You end up occupying a weird place during these things. On one hand, it sucked. But on the other, it was really nice being with all those people: Little Ms. Super-cute Wife, of course, and J-town Jason, a pair of more supportive, wonderful people you couldn’t ask for, I don’t know if I could’ve even gotten down there without them. Mr. and Mrs. Jungle Woody were there, who I’m always glad to see, so was Mr. B and Lindsay Loves NKOTB and lots of others and it was just… nice. There was some laughter and some late (very late) night drinking. It was sad, but it was good. Like they say: It’s too bad it takes a death for us all to get together. All in all, I felt better coming back home, riding the light rail back from the airport with Little Ms. Super Cute wife was like a big exhale, like I was sliding loose of a gray haze.

We went to a Twins game that night and watched the Royals lose. Dad would have just shaken his head.

I love my Father and I miss him very much. I’ll miss his voice and his laugh and the way he killed at Trivial Pursuit. I’ll miss the way he crossed his arms and leaned. I’ll miss him.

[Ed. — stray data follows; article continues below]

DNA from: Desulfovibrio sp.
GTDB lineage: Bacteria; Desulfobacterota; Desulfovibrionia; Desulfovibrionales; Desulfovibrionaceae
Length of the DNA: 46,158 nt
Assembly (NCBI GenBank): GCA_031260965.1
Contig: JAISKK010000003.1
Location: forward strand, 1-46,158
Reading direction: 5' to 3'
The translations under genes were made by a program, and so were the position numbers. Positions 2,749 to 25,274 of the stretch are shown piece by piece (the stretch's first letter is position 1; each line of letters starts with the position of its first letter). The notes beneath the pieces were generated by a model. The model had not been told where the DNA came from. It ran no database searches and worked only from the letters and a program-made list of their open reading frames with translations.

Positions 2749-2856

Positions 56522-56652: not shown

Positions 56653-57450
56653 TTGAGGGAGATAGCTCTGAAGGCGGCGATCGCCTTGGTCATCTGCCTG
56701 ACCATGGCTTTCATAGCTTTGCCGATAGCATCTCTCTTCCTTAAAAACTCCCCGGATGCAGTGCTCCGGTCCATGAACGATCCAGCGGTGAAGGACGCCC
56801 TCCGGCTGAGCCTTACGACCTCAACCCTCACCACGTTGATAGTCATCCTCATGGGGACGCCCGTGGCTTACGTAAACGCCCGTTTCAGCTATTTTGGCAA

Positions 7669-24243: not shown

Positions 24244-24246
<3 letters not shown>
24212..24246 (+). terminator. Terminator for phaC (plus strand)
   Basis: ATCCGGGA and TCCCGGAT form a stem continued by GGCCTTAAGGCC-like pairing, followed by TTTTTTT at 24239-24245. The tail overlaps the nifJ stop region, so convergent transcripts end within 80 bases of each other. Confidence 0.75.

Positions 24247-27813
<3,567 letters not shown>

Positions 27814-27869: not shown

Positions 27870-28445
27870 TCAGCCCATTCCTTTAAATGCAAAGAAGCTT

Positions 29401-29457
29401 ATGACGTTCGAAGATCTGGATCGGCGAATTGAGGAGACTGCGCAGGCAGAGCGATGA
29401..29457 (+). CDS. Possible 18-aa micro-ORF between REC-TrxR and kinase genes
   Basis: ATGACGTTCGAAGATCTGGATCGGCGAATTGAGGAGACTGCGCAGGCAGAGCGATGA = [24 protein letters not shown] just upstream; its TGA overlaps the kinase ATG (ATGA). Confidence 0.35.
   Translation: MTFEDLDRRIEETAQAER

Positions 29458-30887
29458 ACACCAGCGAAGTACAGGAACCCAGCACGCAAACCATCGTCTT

A rough week, but it’s getting better.

So, to all of you who went or sent flowers or just their love, before, after, during, now or later… thank you very much, it’s very appreciated. I know that maybe I don’t talk about it that much with you, but that’s just my way, so thanks for understanding and trust in the knowledge that your support was sorely needed and relied upon. Thanks.

I’m okay and I’m getting better.

So, what next? Well, for the next few months, I’m going to be distracting myself with friends and with my writing, and Little Ms Super Cute Wife, of course. This whole blog went on much longer than I originally anticipated, because it started out as just a list. I was going to write up a list of all these silly little inconsequential things that I’m looking forward to, things that’ll help me feel better, but… eh… I’ll do that some other time.

Until then, though... there's this:


Nice.

Take care, kids,
Jon

2 comments:

m said...

Thanks for your honesty, Jon. You're a wise mind, a good friend and a trusted adviser. Much love and support to you and your loved ones now and always.

cocovm said...

Welcome to adulthood indeed. It seems to me, as a fellow adult, I experience the most growth when I have no choice. It is one of those good news/bad news things.